world, to explain about physics, biology and ecology. The result is
    very educational and thought-provoking, while being entertaining and approachable.

    --- SoupGate-Win32 v1.05
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  • From Dimiter_Popoff@21:1/5 to Don Y on Wed Feb 23 16:11:13 2022
    On 2/23/2022 0:31, Don Y wrote:
    Rare for me to speak out against a film (series, in this case).

    But, this was really pretty bad!  And, thought itself "interesting"
    enough to hint at a sequel!  :<

    Not a fan of one-trick pony authors (pratchett, in this case -- but
    there are (too many!) others).  But, had hoped this *might* be at
    least a *little* clever.  Not.  (By comparison, Hogfather was
    almost tolerable)

    Come up with an idea, flesh it out, present it -- then move on.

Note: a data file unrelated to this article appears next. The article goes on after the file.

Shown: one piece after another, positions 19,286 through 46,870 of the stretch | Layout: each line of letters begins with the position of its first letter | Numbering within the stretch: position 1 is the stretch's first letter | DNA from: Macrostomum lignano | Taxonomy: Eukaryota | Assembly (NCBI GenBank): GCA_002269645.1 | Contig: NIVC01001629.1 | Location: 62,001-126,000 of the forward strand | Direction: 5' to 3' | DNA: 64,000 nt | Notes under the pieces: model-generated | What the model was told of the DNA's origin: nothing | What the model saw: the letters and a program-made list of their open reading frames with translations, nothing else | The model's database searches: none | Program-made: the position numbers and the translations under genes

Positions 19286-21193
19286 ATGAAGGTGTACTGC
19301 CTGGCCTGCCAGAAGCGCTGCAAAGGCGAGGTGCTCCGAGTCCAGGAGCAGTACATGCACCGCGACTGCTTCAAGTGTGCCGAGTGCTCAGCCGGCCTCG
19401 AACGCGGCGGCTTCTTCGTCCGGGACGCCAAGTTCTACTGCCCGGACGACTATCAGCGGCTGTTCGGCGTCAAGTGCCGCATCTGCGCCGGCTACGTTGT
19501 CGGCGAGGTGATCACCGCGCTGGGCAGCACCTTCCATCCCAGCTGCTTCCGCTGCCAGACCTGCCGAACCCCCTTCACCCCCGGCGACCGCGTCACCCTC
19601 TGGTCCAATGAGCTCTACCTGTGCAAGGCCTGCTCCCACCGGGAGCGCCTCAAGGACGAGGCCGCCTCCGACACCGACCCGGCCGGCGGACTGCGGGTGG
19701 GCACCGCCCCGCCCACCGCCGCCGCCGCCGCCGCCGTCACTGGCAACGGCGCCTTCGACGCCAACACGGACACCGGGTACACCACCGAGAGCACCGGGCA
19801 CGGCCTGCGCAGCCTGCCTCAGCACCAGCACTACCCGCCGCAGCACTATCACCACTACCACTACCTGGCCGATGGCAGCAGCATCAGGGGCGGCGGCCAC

[The Lost Room was perhaps the "best" series, in this sense, in
    that they knew when to kill it off.  Firefly gains honorable
    mention -- but, only because of Serenity's "closure"!]

    I gave Pratchett book a chance many years ago and it was nowhere
    near being able to hold me. Basically I don't like pushy attempts
    at humour, it has to be more subtly intertwined in the story.

    But I was surprised recently, just a few days ago. I thought I'd
    have a look at that "Peacemaker", its IMDB rating was very high so
    I had a look. It turned out to be hilarious in a brutal way, nothing
    like my anticipation of yet another superhero thing. It is 8 episodes
    so it unavoidably does get into some boring "everybody is good inside"
    thing but they manage that well enough, I watched it all.
    Just have a look at the introduction dance, reminded me of that
    "It's all about that bass", perhaps more funny though not as
    polished.
    https://www.youtube.com/watch?v=_mrr3UNALww https://www.youtube.com/watch?v=7PCkvCPvDXk

    --- SoupGate-Win32 v1.05